Twinkie, RIP?

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In spite of its “natural” ingredients. This is from the web page of Steve Ettlinger, author of Twinkie, Deconstructed, on the strange culture embraced by Americans of not knowing the chemical factory that makes up the “food” they eat.

In this fascinating exploration into the curious world of packaged foods, Twinkie, Deconstructed takes us from phosphate mines in Idaho to corn fields in Iowa, from gypsum mines in Oklahoma to oil fields in China, to demystify some of America’s most common processed food ingredients—where they come from, how they are made, how they are used—and why. Beginning at the source (hint: they’re often more closely linked to rocks and petroleum than any of the four food groups), Ettlinger reveals how each Twinkie ingredient goes through the process of being crushed, baked, fermented, refined, and/or reacted into a totally unrecognizable goo or powder with a strange name—all for the sake of creating a simple snack cake.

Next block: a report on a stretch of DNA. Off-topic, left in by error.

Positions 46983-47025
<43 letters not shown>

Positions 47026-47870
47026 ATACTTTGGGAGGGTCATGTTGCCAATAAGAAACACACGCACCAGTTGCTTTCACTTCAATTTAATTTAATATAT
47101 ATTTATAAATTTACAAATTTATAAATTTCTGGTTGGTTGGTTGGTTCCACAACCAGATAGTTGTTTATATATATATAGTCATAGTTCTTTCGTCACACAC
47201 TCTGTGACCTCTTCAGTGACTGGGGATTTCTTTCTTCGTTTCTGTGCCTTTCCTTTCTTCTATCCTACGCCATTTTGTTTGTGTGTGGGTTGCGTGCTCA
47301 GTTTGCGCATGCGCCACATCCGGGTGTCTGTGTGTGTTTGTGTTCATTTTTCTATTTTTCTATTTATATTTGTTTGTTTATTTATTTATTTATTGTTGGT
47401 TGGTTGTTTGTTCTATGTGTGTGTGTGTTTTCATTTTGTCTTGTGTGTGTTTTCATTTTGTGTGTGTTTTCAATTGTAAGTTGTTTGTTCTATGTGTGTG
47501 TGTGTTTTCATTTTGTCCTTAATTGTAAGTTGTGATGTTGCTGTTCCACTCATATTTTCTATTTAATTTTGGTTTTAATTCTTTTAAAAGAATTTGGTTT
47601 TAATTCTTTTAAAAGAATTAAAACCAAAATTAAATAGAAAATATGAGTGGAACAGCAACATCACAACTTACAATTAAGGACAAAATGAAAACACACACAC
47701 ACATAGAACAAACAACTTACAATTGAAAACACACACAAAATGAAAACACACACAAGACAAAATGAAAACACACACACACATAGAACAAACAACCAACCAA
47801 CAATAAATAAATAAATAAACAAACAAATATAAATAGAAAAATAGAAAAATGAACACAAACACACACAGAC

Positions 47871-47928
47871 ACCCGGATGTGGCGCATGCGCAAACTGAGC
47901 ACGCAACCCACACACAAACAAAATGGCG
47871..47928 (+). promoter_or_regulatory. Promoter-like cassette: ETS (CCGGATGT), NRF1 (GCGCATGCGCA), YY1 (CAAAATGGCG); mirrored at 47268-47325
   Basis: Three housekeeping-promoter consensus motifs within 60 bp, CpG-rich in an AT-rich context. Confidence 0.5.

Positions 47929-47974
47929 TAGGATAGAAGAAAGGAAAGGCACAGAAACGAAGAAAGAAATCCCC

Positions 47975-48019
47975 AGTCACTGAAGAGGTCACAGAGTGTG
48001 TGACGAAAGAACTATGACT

An insightful, entertaining exploration of modern food industry, if you’ve ever wondered what you’re eating when you consume foods containing mono and diglycerides or calcium sulfate (the latter, a food-grade equivalent of plaster of Paris), this book is for you.

Why is it such a secret what the “creamy filling” is made of? The New York Times explored this question, and many others.

8:14 pm on November 28, 2012
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